With a dramatic setting, eclectic architecture and rich cultural heritage, the Georgian capital of Tbilisi is a fascinating destination for the traveller.
Located on the Mtkvari (Kura) River in the east of the country, Tbilisi has been at the centre of Georgia’s cultural and economic development for more than 1500 years. Today this vibrant, cosmopolitan city is home to a third of the country’s population and welcomes an ever-increasing number of foreign tourists eager to discover the city’s enchanting past and experience the generous hospitality for which it is most revered.
Historically significant as a Silk Road crossing point between Europe and Asia, Tbilisi is a colourful city with a chaotic charm which captivates visitors. Wander through the old town’s labyrinth of uneven streets, visit Anchiskhati Basilica - the city’s oldest surviving church, ride the cable car to Narikala Fortress for spectacular views and visit the landmark Metekhi Church high above town for equally arresting vistas.
From the budget-conscious backpacker to the luxury traveller, Georgia’s capital boasts a wide variety of accommodation across a broad spectrum of styles and prices. Arguably one of the city’s best known hotels, The Stamba - a former publishing house during the period of Soviet-rule - is now a modern design hotel combining contemporary industrial chic with nods to its colourful past. Floor to ceiling books line one wall of the lobby, there’s a glass-bottomed swimming pool and a fabulous cafe serving great coffee, handmade artisan chocolates and a menu of classic Georgian cuisine with a modern twist. Other notable residences include the Bazzar Boutique Hotel in the heart of Tbilisi’s historic old town, and the design-focused Rooms Hotel (sister hotel to the Stamba), which brings together elements of the old and the new in the city’s culturally significant Vera district.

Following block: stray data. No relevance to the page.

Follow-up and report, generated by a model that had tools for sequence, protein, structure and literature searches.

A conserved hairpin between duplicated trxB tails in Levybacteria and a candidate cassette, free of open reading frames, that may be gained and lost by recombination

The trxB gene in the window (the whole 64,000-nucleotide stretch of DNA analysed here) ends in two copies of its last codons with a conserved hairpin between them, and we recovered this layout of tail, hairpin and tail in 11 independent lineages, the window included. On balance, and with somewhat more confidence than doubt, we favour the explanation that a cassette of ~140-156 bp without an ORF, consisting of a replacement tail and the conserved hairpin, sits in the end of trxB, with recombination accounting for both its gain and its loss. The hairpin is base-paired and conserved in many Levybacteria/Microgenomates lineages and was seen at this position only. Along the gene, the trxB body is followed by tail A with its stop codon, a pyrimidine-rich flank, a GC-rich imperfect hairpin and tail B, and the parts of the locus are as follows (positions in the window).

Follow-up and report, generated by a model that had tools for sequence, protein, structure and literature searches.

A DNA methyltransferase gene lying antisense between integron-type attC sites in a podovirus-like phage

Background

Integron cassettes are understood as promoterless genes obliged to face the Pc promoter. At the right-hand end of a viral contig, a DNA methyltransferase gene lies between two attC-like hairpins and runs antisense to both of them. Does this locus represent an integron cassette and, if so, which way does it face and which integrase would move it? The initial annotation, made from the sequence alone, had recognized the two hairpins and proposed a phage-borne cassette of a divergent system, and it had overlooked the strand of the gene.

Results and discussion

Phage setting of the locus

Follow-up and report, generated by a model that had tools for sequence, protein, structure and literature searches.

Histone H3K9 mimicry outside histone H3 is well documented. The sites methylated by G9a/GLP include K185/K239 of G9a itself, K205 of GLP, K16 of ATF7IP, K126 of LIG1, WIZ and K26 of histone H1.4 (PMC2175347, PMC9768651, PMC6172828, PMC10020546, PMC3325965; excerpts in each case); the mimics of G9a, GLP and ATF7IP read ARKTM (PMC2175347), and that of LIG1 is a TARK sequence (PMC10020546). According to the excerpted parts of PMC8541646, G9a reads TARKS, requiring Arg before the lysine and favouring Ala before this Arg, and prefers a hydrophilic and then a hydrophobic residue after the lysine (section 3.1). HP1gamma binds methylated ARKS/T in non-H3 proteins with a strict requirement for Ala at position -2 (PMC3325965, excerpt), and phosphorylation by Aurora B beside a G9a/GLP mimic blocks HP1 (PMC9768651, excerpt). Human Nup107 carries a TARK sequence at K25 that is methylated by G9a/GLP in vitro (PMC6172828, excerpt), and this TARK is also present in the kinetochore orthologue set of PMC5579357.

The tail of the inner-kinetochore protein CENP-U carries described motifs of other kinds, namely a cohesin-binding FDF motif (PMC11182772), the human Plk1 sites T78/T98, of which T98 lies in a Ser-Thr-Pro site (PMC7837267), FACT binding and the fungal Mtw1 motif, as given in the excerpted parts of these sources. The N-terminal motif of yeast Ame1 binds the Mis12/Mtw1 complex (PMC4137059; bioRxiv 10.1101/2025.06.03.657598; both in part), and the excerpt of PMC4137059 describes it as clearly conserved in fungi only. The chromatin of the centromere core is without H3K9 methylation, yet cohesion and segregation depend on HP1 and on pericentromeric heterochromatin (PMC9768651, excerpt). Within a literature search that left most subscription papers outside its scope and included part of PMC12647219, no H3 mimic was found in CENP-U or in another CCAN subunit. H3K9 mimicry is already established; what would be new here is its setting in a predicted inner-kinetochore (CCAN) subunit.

Tbilisi is the culinary capital of the Caucasus and everywhere you wander in the city you’ll find restaurants, cafes and bars serving authentic Georgian cuisine, international dishes, and delectable local wines. Imbued with centuries of influence from a myriad of different cultures, traditional Georgian food is truly unique, and with more than 1000 eateries in the city alone, there’s sure to be something to satisfy every palate. Cafe Stamba - the restaurant at the hotel of the same name - is a popular stop with locals, hotel guests and other tourists. With an extensive menu covering a host of international favourites, the restaurant is perhaps best known for its typical Georgian dishes which include Khachapuri (cheese-filled bread) and Chakapuli (lamb stew). Otsy - close to the quirky leaning clock tower and Gabriadze Theatre - is also noteworthy for its sophisticated reimagining of classic Georgian cuisine; amongst its splendid culinary creations, beef cheeks braised in the nation’s flagship Saperavi wine is definitely one to try. And for anyone eager to sample Georgia’s national dish Khinkali (traditional dumplings), Cafe Daphna takes some beating.
In a country known as the cradle of wine for its long history of production, it’s no surprise that Tbilisi has a vibrant wine scene focused on promoting the wide variety of indigenous grapes with which the country is synonymous. Wine lovers here can expect a range of styles including orange - or amber wine - made by fermenting white grapes on their skins and burying them underground in large clay pots called Qvevri. The process gives the resultant wines their unique colour ranging from pale peach to intense orange. Amongst the many wine bars attracting casual consumers and connoisseurs alike, Sulico Wine Bar stands out for its focus on small, family-run producers who use traditional Qvevri winemaking methods. The selection of 100 plus wines is complemented by a carefully curated savoury and sweet food menu to match each varietal. Also of note is the atmospheric Vino Underground, a bar and shop founded by a group of Georgian winemakers which focuses on natural wines from small-scale producers.
Whether you’re looking for cultural break in a charming city or a base to explore Georgia’s splendid scenery and famous winemaking traditions, Tbilisi ticks every box. From the historic old town to the modern Bridge of Peace; from dining and drinking in upscale restaurants and bars to buying local wines at the side of the street in repurposed Coca-Cola bottles, Georgia’s capital blends old and new, east and west, quirky and conventional. Though small enough to enjoy as a short break destination, Tbilisi’s wealth of attractions, unparalleled hospitality and burgeoning food and wine scene are more than enough to warrant a longer stay.
4 Shalva Dadiani Street, Tbilisi, Georgia, 0105
27 Mikheil Zandukeli Street, Tbilisi, 0179
15 Galaktion Tabidze Street, Tbilisi, 0105
Dry bridge, 29 Atoneli Street, Tbilisi, 0105
14 Merab Kostava Street, Tbilisi, 0108
3 Zandukeli Dead End, Tbilisi, 0179
20 Ioane Shavteli Street, Tbilisi, 0105
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